In the highlands, temperature is the limiting factor and any increase in temperature – such as that during El Niño events – may allow malaria to spread to higher altitudes, Woyessa says.
Literature shows that warming caused by climate change allows the disease to encroach on high altitude areas and lengthens the annual period of “malaria suitability” in the African highlands.
When malaria reaches higher altitudes, the local communities are often unprepared and have low immunity. This was seen in the early 2000s when malaria outbreaks occurred in towns and villages as high as 2.5km in altitude.
In the lowlands of Ethiopia, rainfall is often the limiting factor, explains Woyessa. However, El Niño can reduce rainfall across parts of the country during the long rainy season, causing rivers to dry up into small pools that are ideal for the transmission of malaria.
The authors also conducted research on Amhara – a region of Ethiopia with a population of about 20 million people and the greatest number of reported epidemics. Amhara is shown on the map of Ethiopia below.
Woyessa tells Carbon Brief that Amhara has “high rainfall overlapping with low elevation”, which are required by mosquitoes to live and reproduce.
The authors find that average temperatures in Amhara have increased in recent decades, with many of the hottest years occurring during El Niño events. The warming trends in Amhara are “consistent with observed and predicted warming associated with climate change in Ethiopia and the East African region”, the authors say.
The results in the Amhara region are complex, however. The authors find that “local and widespread epidemics were associated with every phase of ENSO in Amhara”. This means El Niño events cannot be used as a predictor of malaria outbreaks in the region.
Instead, the authors suggest a relationship with the warming Atlantic Ocean. Their data suggests that warm tropical Atlantic sea surface temperatures and higher rainfall are “weakly associated with elevated malaria epidemic risk” following the long rainy season.
Differences at a local level are due to diversity of the country’s topography and corresponding climate, Woyessa explains, and more research may be needed to understand the predictors of malaria outbreaks in the Amhara region.
He tells Carbon Brief that “for us to have a concrete understanding of the climate and its influence on malaria we have to have quality data at a local level below the region”.
In the meantime, the relationship between past El Niños and malaria outbreaks at a national scale provides valuable hints for how to better prepare for future events, Woyessa explains.
Dr Cyril Caminade – a researcher at the University of Liverpool’s institute of infection, veterinary and ecological sciences who was not involved in the study – has conducted research on the impacts of climate change on global malaria distributions.
He tells Carbon Brief that it can be challenging to separate out the effects of interannual variability – for example, ENSO – with long-term trends from climate change as “these effects act in synergy for East Africa and Ethiopia”.
However, he says that, “overall, climate change might lengthen the potential length of the malaria transmission season in Ethiopia”.
Producing and accessing high-quality climate data across Africa is a long-standing problem.
Lack of funding and resources, as well as political and technical constraints, means that researchers across the continent often lack the quality and volume of data that they need.
The authors of the study say that identifying malaria epidemics using grey literature has “considerable weaknesses” as a method, as there is no clear definition of an epidemic to use in the search and biases in reporting could mean some epidemics are missed.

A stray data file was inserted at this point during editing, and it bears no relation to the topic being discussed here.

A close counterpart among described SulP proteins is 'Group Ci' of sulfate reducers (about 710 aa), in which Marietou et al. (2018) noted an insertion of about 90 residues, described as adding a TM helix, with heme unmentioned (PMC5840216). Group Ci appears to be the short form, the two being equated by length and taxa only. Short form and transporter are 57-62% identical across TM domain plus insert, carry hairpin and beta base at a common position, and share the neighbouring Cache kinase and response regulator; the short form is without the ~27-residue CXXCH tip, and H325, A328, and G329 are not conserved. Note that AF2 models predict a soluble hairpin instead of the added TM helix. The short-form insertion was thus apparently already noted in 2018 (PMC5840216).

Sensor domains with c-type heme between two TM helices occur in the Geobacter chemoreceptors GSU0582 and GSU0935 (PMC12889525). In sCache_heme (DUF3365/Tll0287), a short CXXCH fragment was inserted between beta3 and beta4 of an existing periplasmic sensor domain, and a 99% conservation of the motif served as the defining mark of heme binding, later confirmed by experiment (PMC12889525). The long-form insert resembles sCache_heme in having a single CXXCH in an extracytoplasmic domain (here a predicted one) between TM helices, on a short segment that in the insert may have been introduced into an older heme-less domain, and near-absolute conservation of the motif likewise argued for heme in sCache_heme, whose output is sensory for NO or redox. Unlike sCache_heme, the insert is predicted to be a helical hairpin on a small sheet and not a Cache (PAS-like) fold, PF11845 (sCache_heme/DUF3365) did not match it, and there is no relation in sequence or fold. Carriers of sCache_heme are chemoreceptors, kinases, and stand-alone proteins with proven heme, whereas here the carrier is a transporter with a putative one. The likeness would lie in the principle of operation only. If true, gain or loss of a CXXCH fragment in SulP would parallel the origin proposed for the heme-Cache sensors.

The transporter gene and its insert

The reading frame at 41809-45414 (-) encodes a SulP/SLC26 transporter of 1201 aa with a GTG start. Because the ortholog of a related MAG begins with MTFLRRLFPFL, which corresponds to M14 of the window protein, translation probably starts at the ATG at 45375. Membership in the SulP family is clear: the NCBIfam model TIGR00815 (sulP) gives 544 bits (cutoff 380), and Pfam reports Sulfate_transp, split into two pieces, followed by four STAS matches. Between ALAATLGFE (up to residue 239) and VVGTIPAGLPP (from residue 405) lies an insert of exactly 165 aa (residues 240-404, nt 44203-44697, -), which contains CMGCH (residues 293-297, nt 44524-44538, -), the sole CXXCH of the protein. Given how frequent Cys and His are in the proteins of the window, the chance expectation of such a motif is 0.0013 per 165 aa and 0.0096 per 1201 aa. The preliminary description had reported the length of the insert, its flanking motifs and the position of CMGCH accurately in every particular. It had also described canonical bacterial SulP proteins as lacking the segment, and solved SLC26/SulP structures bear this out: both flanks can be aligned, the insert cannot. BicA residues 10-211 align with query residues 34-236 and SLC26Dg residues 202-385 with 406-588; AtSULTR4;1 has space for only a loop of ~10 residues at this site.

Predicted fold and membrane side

Caminade notes the limitations in using grey literature to assess malaria epidemics, acknowledging that literature reviews are “always time consuming and complicated”.
Conversely, climate data for this project was readily available from the Enhancing National Climate Services Initiative (ENACTS) – a project led by the International Research Institute for Climate and Society.
This database is a good example of “a user-friendly national climate database that can be used for climate analysis, epidemic early warning, and other responses to climate change as part of national adaptation plans to counter the adverse effects of extreme weather events”, Abeku tells Carbon Brief.
Woyessa tells Carbon Brief that the service has been “helpful for health professionals to understand the duration of malaria transmission in their area”. He adds:
“Understanding the climate of the area is very, very important for us to do the planning of intervention and the time at which they reach the peak and the time at which we have to do the intervention before the transmission begins.”
For example, he tells Carbon Brief that Ethiopia has a “long history of drought”. Drought can cause problems – such as crop failure – that make people more vulnerable and put them at greater risk of dangerous malaria infections, he says.
The paper says that the 2002-03 malaria epidemic in Ethiopia, which killed tens of thousands of people, was partly due to a prolonged drought:
“A two-year drought, and consequent low anti-malaria immunity alongside high levels of malnutrition likely paved the way for the 2002 and 2003 epidemic. It was a shocking epidemic in which WHO estimated up to 15 million of the then 65 million population were affected: a three-fold increase from the normal caseload.”
Temperature and rainfall are not the only factors influencing the frequency of malaria outbreaks. For example, the authors also point to recent “funding hiatus” in malaria prevention efforts, adding that the Covid-19 pandemic “significantly undermined control efforts putting the continent at risk of malaria resurgence”.
The study says that “warming temperatures, political instability in some regions, and declining investments from international donors, implies an increasing risk of climate-related malaria epidemics”.
Abeku tells Carbon Brief that “further investment in interdisciplinary research is needed” to fully understand the factors that contribute to malaria in Ethiopia.
Woyessa et al (2023), El Niño and other climatic drivers of epidemic malaria in Ethiopia: new tools for national health adaptation plans, Malaria Journal, doi:10.1186/s12936-023-04621-3